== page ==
Away in a manger
Origins & Development. The year 1883 marked the 400th anniversary of the birth of Martin Luther (1483-1546), an event that would have raised interest in his life and works, including his hymns. The song “Away in a manger” seems to have been written for the occasion, then misleadingly attributed to Luther himself, even though this song is not to be found in any of Luther’s hymn collections, nor it is known to have existed in any form in the German language.
The first known appearance of the song in print was in a Universalist publication, The Myrtle, vol. 34, no. 1 (3 May 1884 | HathiTrust), p. 6, with the claim “it is still sung by many German mothers to their little ones.” It also says, incorrectly, that the 400th anniversary would be “next November.” This early printing contained two stanzas, mostly similar to the ones that have entered common use, except the second ends, “and stay by my crib watching my lullaby.” Notice also the recommended tune: “Home sweet home” (H.R. Bishop & J.H. Payne, 1823).
The first appearance of this song in a hymnal or songbook was in an Evangelical Lutheran collection, Little Children’s Book for Schools and Families (Philadelphia: J.C. File, 1885 | Fig. 2). This collection used the same text as in The Myrtle, but it was careful not to repeat the attribution to Luther. The tune, ST. KILDA by J.E. Clark, has not endured.
The most commonly printed tune for this carol was published two years later in Dainty Songs for Little Lads and Lasses (New York: J. Church Co., 1887 | Fig. 3) by James R. Murray (1841–1905). Murray’s version uses the same two stanzas as the previous editions, except he changed the last line to the more awkward phrasing, “And stay my cradle to watch lullaby.” Murray repeated the claims given in The Myrtle, both to Luther and to German mothers. This tune was later dubbed MUELLER after it started to appear in 20th century collections inexplicably attributed to Carl Müller, and it is sometimes also known as AWAY IN A MANGER. Murray continued to develop his tune in other collections. The following year, he used it in Royal Praise for the Sunday School (1888 | Hymnary.org) with a four-part harmonization, and he extended the tune by adding another musical phrase over a repeat of the last line of the text.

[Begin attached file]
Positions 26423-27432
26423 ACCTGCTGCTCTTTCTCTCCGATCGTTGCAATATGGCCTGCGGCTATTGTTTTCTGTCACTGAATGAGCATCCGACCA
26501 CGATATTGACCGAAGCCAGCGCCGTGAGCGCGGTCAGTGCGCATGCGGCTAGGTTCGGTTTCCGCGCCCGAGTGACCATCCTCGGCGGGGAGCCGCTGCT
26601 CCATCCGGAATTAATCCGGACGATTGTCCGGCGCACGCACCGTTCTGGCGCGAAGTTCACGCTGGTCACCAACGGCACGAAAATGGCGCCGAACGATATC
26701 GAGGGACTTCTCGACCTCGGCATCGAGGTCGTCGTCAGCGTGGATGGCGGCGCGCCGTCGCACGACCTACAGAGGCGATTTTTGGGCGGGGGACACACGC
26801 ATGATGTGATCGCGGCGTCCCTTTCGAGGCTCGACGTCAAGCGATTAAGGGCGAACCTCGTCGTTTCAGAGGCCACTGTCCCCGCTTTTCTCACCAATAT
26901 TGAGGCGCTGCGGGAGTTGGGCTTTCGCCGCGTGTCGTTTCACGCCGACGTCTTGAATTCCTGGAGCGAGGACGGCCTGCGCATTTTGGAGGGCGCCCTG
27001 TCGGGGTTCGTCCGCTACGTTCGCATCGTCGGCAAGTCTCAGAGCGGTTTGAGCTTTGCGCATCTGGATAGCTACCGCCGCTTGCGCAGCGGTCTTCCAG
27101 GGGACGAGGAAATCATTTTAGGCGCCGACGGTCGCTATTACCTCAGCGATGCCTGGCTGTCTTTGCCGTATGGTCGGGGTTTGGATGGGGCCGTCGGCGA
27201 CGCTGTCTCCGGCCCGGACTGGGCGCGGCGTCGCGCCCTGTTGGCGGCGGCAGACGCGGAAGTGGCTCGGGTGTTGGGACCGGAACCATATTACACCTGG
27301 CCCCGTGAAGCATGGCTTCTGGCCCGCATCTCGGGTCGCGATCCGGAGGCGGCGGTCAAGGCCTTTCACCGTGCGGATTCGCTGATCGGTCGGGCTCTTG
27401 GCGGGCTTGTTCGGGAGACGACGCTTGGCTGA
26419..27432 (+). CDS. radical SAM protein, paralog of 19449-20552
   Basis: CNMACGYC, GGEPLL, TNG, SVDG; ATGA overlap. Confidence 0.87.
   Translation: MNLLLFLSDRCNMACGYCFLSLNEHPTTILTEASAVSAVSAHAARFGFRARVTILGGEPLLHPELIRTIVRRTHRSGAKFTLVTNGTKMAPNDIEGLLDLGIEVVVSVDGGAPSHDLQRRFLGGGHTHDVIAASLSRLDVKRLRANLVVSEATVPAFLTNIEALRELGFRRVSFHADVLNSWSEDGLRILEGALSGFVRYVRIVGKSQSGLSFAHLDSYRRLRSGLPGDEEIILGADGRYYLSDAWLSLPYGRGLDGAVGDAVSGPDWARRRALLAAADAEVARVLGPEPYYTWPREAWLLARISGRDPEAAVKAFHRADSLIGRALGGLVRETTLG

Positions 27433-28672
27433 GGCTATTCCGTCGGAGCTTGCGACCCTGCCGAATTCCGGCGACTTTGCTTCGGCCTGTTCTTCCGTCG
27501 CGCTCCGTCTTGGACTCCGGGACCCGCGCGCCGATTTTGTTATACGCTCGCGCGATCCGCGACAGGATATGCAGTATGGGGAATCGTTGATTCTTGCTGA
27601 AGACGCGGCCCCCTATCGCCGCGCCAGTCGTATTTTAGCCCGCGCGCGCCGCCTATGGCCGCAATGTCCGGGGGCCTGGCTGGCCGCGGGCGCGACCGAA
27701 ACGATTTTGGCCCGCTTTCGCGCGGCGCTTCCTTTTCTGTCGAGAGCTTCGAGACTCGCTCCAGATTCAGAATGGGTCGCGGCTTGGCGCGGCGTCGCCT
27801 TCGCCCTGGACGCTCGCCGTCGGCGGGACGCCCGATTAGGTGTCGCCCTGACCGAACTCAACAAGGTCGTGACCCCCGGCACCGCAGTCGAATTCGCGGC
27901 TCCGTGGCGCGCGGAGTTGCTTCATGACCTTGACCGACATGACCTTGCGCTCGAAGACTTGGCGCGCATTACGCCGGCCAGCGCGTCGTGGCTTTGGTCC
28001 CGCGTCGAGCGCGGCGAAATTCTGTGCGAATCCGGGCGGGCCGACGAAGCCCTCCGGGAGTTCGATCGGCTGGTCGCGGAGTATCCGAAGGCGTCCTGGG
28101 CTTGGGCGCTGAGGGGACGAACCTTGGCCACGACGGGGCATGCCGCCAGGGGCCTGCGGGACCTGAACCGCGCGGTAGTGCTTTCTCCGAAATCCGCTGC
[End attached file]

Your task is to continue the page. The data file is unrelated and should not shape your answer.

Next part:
The third stanza, “Be near me, Lord Jesus,” first appeared in Gabriel's Vineyard Songs (Louisville: Guide Printing and Publishing Co., 1892 | Fig. 4), compiled by Charles H. Gabriel (1856–1932). Gabriel reused the text as given by Murray and added the third stanza without attribution. The musical attribution to “C.” is curious; Gabriel’s own work throughout this book was consistently labeled either “C.H.G.” or “Chas. H. Gabriel.” Nonetheless, this tune appeared a few years later in Edwin Excell’s Make His Praise Glorious (1900), No. 156 (Hymnary.org) with an added refrain and a notice of “Copyright 1896 Chas. H. Gabriel. E.O. Excell, owner” and the tune attributed to Gabriel. Gabriel wrote another tune for his collection Little Branches (Chicago: Meyer & Brother, 1893), No. 21 (Hymnary.org).
The added third stanza is sometimes erroneously attributed to John T. MacFarland on the basis of a story that appeared in Guy McCutchan’s Our Hymnody: A Manual of the Methodist Hymnal (1937), p. 436:
Bishop William F. Anderson has given the story of the writing of the third stanza:
When I was Secretary of the Board of Education, 1904-08, I wanted to use “Away in a manger,” which I found with the designation “Martin Luther's Cradle Song,” in the Children’s Day program one year. It had but two stanzas, 1 and 2. Dr. John T. McFarland, then Secretary of our Board of Sunday Schools, was my near neighbor in his office at 150 Fifth Avenue (New York). I asked him to write a third stanza. He went to his office and within an hour brought me the third stanza beginning, “Be near me, Lord Jesus, I ask Thee to stay.” I used it, which was the first time it was ever published. I am pleased to see that it is now being used very widely. The honor of it belongs to that great and good man, Dr. John T. McFarland.
The story is problematic on two levels: (1) Anderson was incorrect in asserting he was responsible for publishing the third stanza for the first time, and (2) he assumed McFarland had written it himself. McCutchan was also evidently unaware of the discrepancy.
The other most common tune in circulation is CRADLE SONG by William Kirkpatrick (1838–1921), from Around the World with Christmas (NY: Hunt & Eaton, 1895 | Fig. 5). Kirkpatrick’s version is also notable for changing the end of the second stanza to read “And stay by my cradle till morning is nigh.”
by CHRIS FENNER
for Hymnology Archive
5 December 2018
Richard S. Hill, “Not so far away in a manger: Forty one settings of an American carol,” Music Library Association, Notes, Second Series, vol. III, no. 1 (December 1945).
“Away in a manger,” New Oxford Book of Carols, ed. Hugh Keyte & Andrew Parrott (Oxford: University Press, 1992), pp. 359-361.
“Away in a manger,” Psalter Hymnal Handbook, ed. Emily Brink & Bert Pohlman (Grand Rapids: CRC, 1998), pp. 501-503.
Carl P. Daw Jr. “Away in a manger,” Glory to God: A Companion (Louisville: Westminster John Knox, 2016), pp. 115-117.
“Away in a manger,” Hymns and Carols of Christmas:
“Away in a manger,” Hymnary.org: